Download Sheet 1 (geologic map) as a ~58" x 45" PDF file (sim2832_sheet1.pdf; 19.1 MB)
Download Sheet 2 (correlation and list of map units) as a ~41" x 26" PDF file (sim2832_sheet2.pdf; 181 kB)
Download Sheet 3 (bedrock geologic map and volcanic history) as a ~45" x 38" PDF file (sim2832_sheet3.pdf; 93.7 MB)
Download Sheet 4 (caldera wall panoramas) as a ~50" x 36" PDF file (sim2832_sheet4.pdf; 90 MB)
This digital database was compiled with ArcInfo version 7.2.1 and consists of files containing geologic map and topographic base data in ArcInfo coverage and grid format. ArcInfo-compatible GIS software is therefore required to use the files of this database. The database is stored in a single zipped folder (crater-lake.zip) in this release for ease of transfer. The scale of the source map limits the spatial resolution (scale) of the database to 1:24,000 or smaller.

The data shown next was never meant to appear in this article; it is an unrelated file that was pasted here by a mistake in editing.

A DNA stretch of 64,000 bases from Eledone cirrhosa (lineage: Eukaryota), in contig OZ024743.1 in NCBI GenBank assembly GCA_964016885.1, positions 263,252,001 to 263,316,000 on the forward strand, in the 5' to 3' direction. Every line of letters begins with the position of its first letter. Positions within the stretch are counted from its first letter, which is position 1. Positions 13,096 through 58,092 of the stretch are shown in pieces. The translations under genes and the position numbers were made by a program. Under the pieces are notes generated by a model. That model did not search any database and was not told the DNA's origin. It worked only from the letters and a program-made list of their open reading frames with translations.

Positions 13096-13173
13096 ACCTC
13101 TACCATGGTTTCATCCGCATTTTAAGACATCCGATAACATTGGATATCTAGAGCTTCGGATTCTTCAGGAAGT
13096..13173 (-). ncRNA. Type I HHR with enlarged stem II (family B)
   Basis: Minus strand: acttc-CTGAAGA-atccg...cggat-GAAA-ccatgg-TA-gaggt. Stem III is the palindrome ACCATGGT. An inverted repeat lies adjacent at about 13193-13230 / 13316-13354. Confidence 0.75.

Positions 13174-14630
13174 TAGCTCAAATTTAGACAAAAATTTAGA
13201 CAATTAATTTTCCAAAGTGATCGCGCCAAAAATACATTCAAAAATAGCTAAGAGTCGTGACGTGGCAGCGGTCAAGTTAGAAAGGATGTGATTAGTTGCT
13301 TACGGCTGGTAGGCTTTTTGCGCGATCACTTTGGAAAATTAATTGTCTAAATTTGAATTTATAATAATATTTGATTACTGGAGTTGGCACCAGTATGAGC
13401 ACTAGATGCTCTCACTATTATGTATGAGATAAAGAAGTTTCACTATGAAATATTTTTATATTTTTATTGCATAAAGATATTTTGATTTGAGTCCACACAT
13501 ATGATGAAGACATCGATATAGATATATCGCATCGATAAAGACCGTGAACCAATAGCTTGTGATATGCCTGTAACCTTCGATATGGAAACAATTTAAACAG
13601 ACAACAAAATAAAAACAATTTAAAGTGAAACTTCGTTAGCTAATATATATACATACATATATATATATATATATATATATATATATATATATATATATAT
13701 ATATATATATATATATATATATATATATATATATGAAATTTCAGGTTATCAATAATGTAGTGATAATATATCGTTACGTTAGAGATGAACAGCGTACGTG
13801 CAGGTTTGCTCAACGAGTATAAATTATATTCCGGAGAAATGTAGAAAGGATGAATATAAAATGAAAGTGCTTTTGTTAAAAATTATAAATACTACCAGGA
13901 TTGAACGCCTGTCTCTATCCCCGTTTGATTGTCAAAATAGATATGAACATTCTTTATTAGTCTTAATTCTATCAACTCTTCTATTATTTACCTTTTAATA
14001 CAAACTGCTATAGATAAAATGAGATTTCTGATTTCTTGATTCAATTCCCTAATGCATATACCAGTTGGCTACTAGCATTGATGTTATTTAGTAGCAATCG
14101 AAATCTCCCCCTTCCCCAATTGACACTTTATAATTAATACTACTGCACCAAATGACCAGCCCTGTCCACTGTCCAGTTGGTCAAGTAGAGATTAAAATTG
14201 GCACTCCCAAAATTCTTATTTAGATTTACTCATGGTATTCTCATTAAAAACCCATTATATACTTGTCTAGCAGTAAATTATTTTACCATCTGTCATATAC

Available ArcInfo coverages and grids are described below:
coverage or grid
|geo (by quad)||Contacts and rock units (lines, polygons)|
|vent (by quad)||Volcanic vents (points)|
|dash (by quad)||Extensive geologic features (lines)|
|dates (by quad)||Dated sample locations (points)|
|topo-base||Topographic base (lines)|
|cult-base||Cultural base (lines)|
|new-bathy||Bathymetric contours (lines)|
Download crater-lake.zip containing the digital database (12.4 MB compressed; 20.7 MB when expanded).
Federal Geographic Data Committee (FGDC) metadata are available for the digital geologic map in text format. FGDC metadata are also available for the topographic base data in text format.